also, around 15:05 he talks about riding the volume for effects (what does this mean exactly?).. does this just make reverb or whichever effect louder? what good does this do between sections of songs?
Think of it like an automated compressor, but you are using the sends or the track fader instead of a comp.
Its pretty common to automate the send levels when you are mixing a song
Old 9th November 2018
  #5
Gear Maniac
1. the question I asked about 10:46 is still a bit confusing to me because based on what I see visually on the meters of each synth track, it does not seem like they are panned hard left or right (picture below from video). I'm used to using ableton and when I take a stereo file and pan all the way to one side only 1 of 2 meters shows action (picture below from my ableton session).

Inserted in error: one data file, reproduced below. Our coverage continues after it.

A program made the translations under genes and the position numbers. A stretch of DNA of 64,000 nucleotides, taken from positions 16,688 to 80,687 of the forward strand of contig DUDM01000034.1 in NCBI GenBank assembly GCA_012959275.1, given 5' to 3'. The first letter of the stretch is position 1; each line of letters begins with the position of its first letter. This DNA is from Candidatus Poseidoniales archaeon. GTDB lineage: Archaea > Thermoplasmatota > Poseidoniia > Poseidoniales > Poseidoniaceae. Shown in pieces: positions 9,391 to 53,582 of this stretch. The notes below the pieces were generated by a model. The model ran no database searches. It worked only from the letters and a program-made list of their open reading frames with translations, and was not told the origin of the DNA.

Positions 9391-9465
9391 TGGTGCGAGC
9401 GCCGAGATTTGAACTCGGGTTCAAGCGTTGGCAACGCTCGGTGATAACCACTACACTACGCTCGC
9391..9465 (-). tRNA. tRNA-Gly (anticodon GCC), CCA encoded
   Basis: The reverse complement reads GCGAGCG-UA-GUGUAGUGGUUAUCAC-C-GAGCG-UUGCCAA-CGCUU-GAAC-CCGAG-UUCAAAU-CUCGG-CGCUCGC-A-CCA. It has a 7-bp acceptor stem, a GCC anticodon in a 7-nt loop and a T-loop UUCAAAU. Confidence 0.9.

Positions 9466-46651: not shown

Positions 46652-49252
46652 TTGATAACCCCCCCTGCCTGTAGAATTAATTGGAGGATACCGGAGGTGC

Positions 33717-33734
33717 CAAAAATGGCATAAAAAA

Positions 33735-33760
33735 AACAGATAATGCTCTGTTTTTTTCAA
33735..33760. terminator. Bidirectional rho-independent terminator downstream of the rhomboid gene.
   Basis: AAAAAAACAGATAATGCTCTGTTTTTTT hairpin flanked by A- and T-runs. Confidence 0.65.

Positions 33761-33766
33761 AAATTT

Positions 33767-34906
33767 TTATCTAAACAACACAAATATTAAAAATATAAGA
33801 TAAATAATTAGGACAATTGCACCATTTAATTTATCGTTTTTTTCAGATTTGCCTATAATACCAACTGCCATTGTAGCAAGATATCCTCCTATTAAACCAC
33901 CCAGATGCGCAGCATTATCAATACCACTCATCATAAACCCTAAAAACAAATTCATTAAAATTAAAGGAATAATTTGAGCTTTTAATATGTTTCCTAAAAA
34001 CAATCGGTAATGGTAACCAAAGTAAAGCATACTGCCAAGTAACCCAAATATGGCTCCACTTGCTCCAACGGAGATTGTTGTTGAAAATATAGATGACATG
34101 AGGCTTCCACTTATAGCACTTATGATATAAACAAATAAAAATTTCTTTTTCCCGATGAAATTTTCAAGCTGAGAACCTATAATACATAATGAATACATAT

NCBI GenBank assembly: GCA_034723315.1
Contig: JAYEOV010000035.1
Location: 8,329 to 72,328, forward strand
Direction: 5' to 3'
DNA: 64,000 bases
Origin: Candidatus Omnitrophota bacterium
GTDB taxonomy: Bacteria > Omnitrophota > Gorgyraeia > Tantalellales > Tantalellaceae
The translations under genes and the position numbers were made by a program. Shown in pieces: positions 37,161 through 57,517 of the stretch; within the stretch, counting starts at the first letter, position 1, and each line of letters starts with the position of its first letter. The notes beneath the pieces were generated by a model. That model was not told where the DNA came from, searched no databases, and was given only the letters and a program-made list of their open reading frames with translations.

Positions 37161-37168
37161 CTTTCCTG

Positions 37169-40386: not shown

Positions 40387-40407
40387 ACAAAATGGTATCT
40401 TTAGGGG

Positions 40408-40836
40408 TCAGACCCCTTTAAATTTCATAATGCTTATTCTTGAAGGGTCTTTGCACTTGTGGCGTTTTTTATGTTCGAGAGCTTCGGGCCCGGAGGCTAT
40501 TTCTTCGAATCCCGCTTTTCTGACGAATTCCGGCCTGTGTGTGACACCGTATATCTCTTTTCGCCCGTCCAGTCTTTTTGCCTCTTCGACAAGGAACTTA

aside from my misunderstanding and this is how I think it works based on your responses..

2. Warren is taking a stereo synth sound and panning it hard left & taking another stereo synth sound and paining hard right to make the track sound wider in chorus as opposed to having just one or both synths down the middle.

2a. Also if you pan two synth sounds hard left and hard right it only becomes stereo if the synth sounds are only somewhat unique correct?

3. What elements is Warren making the synths both share to have a center? Because I can't seem to figure it out after re-watching the video several times. Maybe looking at the pro tools image I posted below from Warren's session can help answer this?

4. Lastly when you pan a stereo sound hard left or right it becomes mono right?

Thanks for helping me answer these question even if they seem really basic to you. I'm trying my best to have a good understanding of this things especially if I plan on teaching techniques to others someday.